My Bar-Mitzvah Speech

Hello! As you all have noticed, I have not posted for almost an entire season. This is because

a. I’m lazy and it’s summer break

and b. my bar mitzvah happened a few days ago.

Schools about to start and I know longer have any hebrew studying to do, so I thought I have no excuse to slack off. Starting today, I am going to begin writing every sunday again in the continuation of my Gallic Wars series. Anyways, I thought it would be fitting to post by Bar Mitzvah speech itself on here since my Bar Mitzvah just happened. Enjoy!

Throughout the last three months I have been studying the Torah with Rabbi Brackman. For most of the summer we were looking through Deuteronomy, the 5th book of the Torah where Moses reviews many of the 613 mitzvot. Mitzvot is the plural of the Hebrew word “mitzvah” which means commandment. Thus, Bar-Mitzvah means son of the commandments. Almost all of the commandments in the Torah I understood, and, though some could be fairly metaphorical, they were generally straightforward. The first 10 commandments many of us know, such as “Thou shall not steal” or “Do not take the Lord’s name in vain.” But some of the others began to confuse me. For instance, in Leviticus 19:19 it says you may not mix certain types of fabrics. This completely confused me. What was the meaning of this? Could it hurt someone to mix fabrics? I did not understand it. This Mitzvah seemed like it had no purpose.

So I asked Rabbi Brackman, he explained that while most of the commandments have a rationale, the point of some commandments like not wearing garments that are a mixture of wool and linen, is not to have a specific meaning, but rather so you obey the word of the Torah. He said often you won’t understand something but you still have to do it. The point of these commandments, in effect, is to teach you obedience. They connect you to G-d and get you out of your own mind. The main purpose of the commandments is to help you form a connection with G-d so you can have faith in him. But I was not convinced, you see, as I have always lived on a principle of understanding why or why not I should do something. 

But all of this was cut short on a trip to upstate New York, in which I visited first my grandparents and then my aunt & uncle along with my cousins Ezra and Esther. Andrea and Dave, my aunt and uncle, have two extremely cute kids: Eleanor and Isaac. Eleanor just turned 3 and Issac is 3 months old. Though she is extremely cute, at least the last time I visited her, Eleanor’s favorite thing to do is to say “why.” “Just like me,” I thought. “She likes questioning commands.” Well, it turns out she is much more advanced than me in the practice of questioning commands. Not only did she like working things out for herself, but when she was commanded by another person to do something she made sure she understood every step of their reasoning. You see, she was an experienced “why”er. “Eleanor, you have to put your sunscreen on.” “Why.” Because if you don’t you’ll get a sunburn and that’s bad.” “Why.” “Because it really hurts.” “Why.” because of the light and heat coming from the sun.” “Why” “Because of how stars work.” “Why.” And soon enough we’re into advanced astrophysics. Man, it was almost feeling like saying “why” wasn’t always the right thing to do! And then it hit me: Saying why wasn’t always the right thing to do.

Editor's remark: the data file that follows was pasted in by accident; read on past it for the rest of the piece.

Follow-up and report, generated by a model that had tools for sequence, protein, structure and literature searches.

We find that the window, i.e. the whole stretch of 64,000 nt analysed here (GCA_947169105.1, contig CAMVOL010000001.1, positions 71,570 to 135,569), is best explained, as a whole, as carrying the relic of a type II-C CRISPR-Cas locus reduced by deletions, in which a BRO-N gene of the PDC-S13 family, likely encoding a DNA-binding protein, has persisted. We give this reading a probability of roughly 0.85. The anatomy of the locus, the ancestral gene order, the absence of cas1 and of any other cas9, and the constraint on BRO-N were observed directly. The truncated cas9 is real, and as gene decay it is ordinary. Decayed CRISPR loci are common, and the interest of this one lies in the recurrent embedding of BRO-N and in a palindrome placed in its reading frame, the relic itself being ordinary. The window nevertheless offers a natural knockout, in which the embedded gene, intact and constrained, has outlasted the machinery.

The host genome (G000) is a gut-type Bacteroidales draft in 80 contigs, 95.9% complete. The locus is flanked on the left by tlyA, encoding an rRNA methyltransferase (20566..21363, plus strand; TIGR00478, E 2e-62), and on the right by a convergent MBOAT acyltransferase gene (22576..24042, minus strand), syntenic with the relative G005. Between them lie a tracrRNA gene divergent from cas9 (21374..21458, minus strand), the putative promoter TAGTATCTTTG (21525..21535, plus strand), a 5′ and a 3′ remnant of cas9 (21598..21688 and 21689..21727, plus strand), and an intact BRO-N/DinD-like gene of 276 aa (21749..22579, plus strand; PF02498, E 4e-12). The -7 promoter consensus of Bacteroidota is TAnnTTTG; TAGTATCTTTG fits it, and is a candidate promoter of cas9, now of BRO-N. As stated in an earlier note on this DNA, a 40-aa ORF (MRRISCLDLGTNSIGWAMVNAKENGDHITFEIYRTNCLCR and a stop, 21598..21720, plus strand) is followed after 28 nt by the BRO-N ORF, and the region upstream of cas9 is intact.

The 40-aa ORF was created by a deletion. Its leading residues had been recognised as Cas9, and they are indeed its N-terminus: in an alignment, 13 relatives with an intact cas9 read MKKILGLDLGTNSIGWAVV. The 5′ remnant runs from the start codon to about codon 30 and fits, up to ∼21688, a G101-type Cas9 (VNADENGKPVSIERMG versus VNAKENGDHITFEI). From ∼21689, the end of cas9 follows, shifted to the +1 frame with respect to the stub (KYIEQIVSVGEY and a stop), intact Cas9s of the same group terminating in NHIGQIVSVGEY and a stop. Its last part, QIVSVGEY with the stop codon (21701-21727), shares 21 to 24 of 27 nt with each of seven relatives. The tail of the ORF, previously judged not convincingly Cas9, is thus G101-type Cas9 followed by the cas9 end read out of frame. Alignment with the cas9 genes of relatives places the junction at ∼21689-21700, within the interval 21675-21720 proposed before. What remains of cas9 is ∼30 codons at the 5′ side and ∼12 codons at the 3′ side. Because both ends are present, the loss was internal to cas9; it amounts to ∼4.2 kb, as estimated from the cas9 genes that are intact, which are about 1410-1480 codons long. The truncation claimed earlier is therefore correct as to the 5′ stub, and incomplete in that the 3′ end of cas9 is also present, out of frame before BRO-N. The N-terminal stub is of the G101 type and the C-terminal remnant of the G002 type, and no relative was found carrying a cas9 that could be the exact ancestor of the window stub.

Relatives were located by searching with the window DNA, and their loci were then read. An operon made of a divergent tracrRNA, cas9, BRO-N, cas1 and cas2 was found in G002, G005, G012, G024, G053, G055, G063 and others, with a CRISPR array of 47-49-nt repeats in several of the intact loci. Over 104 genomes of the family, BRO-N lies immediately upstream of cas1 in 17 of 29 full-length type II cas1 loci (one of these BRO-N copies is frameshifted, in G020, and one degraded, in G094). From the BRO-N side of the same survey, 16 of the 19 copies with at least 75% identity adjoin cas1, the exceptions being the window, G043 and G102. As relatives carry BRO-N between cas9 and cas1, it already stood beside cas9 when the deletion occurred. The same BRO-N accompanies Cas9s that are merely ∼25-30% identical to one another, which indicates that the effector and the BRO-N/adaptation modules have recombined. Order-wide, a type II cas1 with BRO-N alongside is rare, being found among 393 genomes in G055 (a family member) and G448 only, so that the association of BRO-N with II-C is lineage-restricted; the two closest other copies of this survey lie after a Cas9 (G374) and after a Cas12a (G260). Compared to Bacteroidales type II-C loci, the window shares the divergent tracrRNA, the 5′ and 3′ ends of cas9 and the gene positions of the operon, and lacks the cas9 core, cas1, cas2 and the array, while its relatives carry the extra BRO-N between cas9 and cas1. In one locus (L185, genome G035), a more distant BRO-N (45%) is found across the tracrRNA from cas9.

Eleanor, in her own way, had taught me through experience that sometimes you just have to trust someone. You have to understand that you don’t really understand, if you see what I mean. You just have to believe someone is trying to help you instead of questioning their intentions. If you understand that you don’t understand, you will realise that since there’s no way of finding the thing out by yourself the only way to learn about it is to have faith in someone else and ask them. And after that, maybe you will actually learn the meaning of something. Maybe, once we’re on the walk I can explain atomic fusion to Eleanor. If you have faith initially, then you might understand later. And not only did this principle apply to the bible and G-d, but also to other people, especially those commanding you like your parents, or your boss at work. But, it seemed this principle didn’t always apply. After all, most of the time you want to think for yourself and understand what’s going on. So the next step in my forming idea was drawing the line. Finding out when you should ask why, and when you should not. 

The clash of logic and faith has been a long standing one. For most of history, human thought was governed by faith completely. People believed questioning god or those above you was wrong. Then, in the age of enlightenment people began using science instead of religion to explain things. Famous philosophers like Emanuel Kant discredited faith in religion and in higher-ups in light of personal reasoning. In essence, they began asking “why.” I think the two (logic and faith) can be melded into a theory which includes both.  To understand how I could make this, I would have to look at the good and bad traits of both.